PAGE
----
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Tuesday, April 2, 2013 - Page updated at 04:19 PM

Turn on the power

Mariners juice their offense by moving in the fences, adding sluggers Morales, Morse & Ibanez

COVER PHOTO BY JOHN LOK / PHOTO ILLUSTRATION BY RICH BOUDET


CHARLIE RIEDEL / AP

Raul Ibanez: "I know what it feels like to be in a good environment. I think we have a lot of that right here."

Veteran outfielder Raul Ibanez was with the Mariners for the best and worst of times during a four-team career that seems destined to end where it all began.

And those worst of times don't even include the 2010 season. Ibanez had already left when the Mariners were racked by 101 losses, a historic offensive collapse and internal strife that resulted in a housecleaning of coaches and players. That housecleaning — only part of it involved a rebuilding process still ongoing — finally appears done and it's a spanking new abode in which Ibanez and other veterans have unpacked their bags.

For some, the stopover might be brief. There's no denying a good deal of the team's new look was achieved with players here on only one-year deals.

But it's also tough to deny that the Mariners will head into the 2013 season with a power-fueled look and positive clubhouse vibe vastly different from previous years. Read story →

Dean Rutz / The Seattle Times

Felix Hernandez gave his blessing to the new fences. "When we play on the road and play in short ballparks, we've pitched pretty good. I'm not worried about that."

  • The pitchers: M's staff doesn't fear the new fences

    Every hitter at Safeco Field has a sob story (or 10) — the blast he was sure was going out until it died in the marine layer.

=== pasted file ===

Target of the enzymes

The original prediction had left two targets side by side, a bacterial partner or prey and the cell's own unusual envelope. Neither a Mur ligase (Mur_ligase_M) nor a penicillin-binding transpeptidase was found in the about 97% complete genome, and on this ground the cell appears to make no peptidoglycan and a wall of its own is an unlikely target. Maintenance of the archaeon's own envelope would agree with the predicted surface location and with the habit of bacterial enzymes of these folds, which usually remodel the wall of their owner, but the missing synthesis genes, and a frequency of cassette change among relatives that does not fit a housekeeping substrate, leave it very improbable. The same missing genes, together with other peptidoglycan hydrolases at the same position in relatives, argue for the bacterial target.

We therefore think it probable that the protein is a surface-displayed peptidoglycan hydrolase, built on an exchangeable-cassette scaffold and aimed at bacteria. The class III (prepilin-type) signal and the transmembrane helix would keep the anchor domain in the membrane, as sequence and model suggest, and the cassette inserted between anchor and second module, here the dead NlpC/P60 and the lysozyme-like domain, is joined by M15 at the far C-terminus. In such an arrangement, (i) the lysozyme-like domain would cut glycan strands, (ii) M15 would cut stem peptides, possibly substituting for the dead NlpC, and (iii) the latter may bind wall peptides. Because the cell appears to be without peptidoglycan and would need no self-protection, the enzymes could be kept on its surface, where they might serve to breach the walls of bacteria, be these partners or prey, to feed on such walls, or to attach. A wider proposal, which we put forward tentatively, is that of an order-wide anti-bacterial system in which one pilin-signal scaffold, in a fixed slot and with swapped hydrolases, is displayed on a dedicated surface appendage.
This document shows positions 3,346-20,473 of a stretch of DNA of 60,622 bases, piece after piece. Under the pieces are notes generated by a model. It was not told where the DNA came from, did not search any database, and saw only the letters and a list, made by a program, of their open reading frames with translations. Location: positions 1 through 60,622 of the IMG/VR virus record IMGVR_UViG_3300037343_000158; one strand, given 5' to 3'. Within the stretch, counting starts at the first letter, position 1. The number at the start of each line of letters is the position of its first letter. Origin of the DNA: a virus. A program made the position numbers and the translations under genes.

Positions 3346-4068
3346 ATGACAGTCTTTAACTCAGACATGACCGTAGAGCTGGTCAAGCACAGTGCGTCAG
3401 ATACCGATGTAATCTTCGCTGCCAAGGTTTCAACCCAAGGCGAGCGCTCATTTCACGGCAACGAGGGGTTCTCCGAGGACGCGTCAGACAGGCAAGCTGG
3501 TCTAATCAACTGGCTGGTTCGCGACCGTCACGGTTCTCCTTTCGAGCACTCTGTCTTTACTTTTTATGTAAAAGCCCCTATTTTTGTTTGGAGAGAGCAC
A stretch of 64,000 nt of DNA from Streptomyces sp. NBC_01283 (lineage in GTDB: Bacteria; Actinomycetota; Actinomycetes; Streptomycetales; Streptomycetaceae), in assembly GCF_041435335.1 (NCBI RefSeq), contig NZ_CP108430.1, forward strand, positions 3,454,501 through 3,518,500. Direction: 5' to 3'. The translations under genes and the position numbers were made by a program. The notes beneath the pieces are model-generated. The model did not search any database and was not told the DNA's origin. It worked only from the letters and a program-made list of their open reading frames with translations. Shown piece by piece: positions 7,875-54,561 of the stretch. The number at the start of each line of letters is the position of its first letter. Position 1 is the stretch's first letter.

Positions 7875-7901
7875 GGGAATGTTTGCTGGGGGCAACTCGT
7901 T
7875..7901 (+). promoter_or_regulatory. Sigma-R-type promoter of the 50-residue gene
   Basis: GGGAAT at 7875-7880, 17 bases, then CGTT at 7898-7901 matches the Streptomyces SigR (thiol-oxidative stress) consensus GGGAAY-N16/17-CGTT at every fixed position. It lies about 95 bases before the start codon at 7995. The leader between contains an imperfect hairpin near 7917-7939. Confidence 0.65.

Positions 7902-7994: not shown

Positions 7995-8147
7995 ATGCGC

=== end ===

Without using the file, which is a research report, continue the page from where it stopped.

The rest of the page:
Well, there's a flip side to that standard tale of woe, of course. For every hitter sulking in the agony of a tater lost, there has been a pitcher reveling in the ecstasy of an ERA preserved.

    "If everyone looked back," said right-hander Blake Beavan, "you can think of certain pitches; you're like, 'I don't know if that's going to stay in ... oh, thank you.' That big, deep breath you let out." Read story →

  • The order: Mariners add some muscle in the middle

    Getting a cheap laugh out of Michael Morse simply requires suggesting that batting in the middle of the order is no tougher than any other spot.

    "Oh, yeah, sure it isn't," Morse said with a chuckle, shaking his head slowly. "It's real easy."

    The Mariners always envisioned Morse as a future middle-of-the-order type. But it wasn't until after a trade to the Washington Nationals in 2009 that he finally was thrust into that spot full-time, then proved he could handle it. Read story →

Kelly Shea / The Seattle Times

The fences at Safeco Field have been moved closer to home plate in many locations, most significantly in left-center field.

Safeco Field changes: Fair or foul?